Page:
Barely a decade ago, Glasgow was a by-word for bloodshed.
In 2005, the United Nations dubbed Scotland “the most violent country in the developed world”, as 200 gangs fought wars for control of its second city.
The knife crime epidemic saw roughly 70 people die a year.
Scots were three times more likely to be murdered than people in England and Wales. Exhausted A&E staff were treating stab wounds every few hours, 24 hours a day. Public trust in police had collapsed.
Enter the Scottish Government’s dedicated Violence Reduction Unit (VRU).
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With early and strategic intervention at its heart, the VRU sought people from within violence-hit communities for help tackling violence and domestic abuse ravaging them.
Darren McGarvey, better known by his stage name Loki, had a violent upbringing in the deprived Glasgow suburb of Pollok. He had an alcoholic mother, who held a knife to his throat when he was just five, and was both the victim and perpetrator of violence at school.
He was academically gifted but driven to despair by the trauma. An alcoholic, he spent three years in supported accommodation before music brought him back from the brink.
After he got sober, McGarvey began his own podcast, recorded an album and wrote Poverty Safari, part-polemic, part-memoir. Trainspotting author Irvine Welsh called it “nothing less than an intellectual and spiritual manual for the progressive left”.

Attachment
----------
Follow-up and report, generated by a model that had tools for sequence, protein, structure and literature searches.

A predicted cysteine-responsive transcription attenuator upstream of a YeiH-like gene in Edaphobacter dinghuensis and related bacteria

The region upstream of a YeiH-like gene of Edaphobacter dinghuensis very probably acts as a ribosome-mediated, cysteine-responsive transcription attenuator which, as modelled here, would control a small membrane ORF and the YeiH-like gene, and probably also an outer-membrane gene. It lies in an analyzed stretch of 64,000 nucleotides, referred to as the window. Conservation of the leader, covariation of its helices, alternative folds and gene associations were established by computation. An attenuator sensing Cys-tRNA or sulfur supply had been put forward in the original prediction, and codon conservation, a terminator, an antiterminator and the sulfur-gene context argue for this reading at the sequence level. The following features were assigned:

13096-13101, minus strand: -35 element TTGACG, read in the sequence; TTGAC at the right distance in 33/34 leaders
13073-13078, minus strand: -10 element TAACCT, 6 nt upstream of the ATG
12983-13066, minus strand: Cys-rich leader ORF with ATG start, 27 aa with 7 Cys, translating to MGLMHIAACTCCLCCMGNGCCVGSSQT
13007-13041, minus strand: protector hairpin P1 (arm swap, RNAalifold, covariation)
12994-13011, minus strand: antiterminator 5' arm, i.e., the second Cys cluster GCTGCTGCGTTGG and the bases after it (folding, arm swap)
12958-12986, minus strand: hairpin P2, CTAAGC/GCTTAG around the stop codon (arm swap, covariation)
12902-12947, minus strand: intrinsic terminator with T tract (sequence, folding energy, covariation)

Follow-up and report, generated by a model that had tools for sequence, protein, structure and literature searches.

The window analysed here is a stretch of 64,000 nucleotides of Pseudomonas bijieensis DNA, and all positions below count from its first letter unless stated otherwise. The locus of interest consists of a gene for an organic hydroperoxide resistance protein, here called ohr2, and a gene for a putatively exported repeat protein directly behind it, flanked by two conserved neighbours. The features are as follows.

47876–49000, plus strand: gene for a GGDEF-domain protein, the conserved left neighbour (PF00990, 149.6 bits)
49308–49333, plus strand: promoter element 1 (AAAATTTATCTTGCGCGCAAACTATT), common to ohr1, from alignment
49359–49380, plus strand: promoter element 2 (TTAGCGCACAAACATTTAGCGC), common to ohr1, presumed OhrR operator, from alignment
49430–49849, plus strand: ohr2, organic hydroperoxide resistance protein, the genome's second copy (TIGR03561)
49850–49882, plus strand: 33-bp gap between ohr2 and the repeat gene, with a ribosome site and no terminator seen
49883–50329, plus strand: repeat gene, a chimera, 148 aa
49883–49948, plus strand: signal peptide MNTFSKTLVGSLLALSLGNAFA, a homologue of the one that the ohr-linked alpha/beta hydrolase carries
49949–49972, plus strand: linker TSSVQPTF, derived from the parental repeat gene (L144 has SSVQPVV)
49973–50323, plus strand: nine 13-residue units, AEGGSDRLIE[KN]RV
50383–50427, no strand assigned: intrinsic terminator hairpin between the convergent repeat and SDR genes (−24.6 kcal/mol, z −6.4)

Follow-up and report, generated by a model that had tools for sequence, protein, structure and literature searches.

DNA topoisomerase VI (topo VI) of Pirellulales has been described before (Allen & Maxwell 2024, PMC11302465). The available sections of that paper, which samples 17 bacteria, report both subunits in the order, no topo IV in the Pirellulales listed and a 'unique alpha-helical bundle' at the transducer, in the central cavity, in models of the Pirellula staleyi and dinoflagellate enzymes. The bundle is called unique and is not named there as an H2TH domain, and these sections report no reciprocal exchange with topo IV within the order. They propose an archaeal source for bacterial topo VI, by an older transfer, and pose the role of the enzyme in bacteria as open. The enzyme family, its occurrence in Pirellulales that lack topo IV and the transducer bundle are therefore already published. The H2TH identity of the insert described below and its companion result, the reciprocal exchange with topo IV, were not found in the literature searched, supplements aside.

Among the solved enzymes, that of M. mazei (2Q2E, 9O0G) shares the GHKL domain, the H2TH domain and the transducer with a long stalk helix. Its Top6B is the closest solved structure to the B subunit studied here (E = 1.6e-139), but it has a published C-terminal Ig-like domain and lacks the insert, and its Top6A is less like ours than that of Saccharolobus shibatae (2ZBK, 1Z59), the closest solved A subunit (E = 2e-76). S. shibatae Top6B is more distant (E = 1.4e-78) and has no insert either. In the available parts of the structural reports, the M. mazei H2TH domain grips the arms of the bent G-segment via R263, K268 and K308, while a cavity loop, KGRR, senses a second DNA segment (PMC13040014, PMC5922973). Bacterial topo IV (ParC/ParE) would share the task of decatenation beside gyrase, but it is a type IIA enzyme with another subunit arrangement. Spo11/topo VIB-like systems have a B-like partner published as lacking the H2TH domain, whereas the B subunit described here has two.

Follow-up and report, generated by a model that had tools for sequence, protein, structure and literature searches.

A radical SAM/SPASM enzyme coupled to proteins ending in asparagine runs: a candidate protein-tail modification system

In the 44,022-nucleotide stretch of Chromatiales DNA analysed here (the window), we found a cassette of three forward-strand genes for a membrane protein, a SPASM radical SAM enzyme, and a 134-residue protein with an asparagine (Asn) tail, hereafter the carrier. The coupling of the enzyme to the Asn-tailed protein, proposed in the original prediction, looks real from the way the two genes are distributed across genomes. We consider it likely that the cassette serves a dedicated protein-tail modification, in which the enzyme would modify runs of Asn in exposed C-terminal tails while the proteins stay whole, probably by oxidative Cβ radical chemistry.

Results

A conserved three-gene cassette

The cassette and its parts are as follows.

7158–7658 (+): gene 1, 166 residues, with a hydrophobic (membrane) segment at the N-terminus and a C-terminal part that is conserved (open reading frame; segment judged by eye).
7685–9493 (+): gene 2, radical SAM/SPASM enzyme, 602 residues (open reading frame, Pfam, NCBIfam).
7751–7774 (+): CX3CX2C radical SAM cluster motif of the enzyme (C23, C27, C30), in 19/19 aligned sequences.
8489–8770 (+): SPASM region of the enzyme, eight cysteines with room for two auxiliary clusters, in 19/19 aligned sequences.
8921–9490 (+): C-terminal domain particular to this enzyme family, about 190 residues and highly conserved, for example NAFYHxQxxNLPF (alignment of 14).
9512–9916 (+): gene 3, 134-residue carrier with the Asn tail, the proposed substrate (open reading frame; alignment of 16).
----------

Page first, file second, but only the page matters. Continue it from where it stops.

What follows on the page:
The VRU recruited him to be their “rapper in residence”. He would visit youth offenders’ institutes for rap workshops with young people from backgrounds as troubled as his own.
Over ten years of VRU’s work, the city saw a 60% drop in violent crime. So far, no young person has been stabbed to death in Glasgow in 2018.
This success story contrasts with the shock in London at a spate of violence that has left dozens of people dead in the first few months of 2018.
The capital is recovering from the horrors of Grenfell and multiple terror attacks while the 2011 riots sit in its not-too-distant history.
McGarvey, 33, recalls the threat of violence hanging over his neighbourhood as like a dark cloud. Living in fear drove hypervigilance in the community, he says, which added to the stress of poverty and exacerbated the bloodshed.
It is poverty - not race, social media or the music industry as some Government ministers have recently hinted - is the main driver of the knife crime wave hitting the capital, says McGarvey.
“There is a strong correlation between poverty and violence, and it has been the same for more than 100 years,” he says.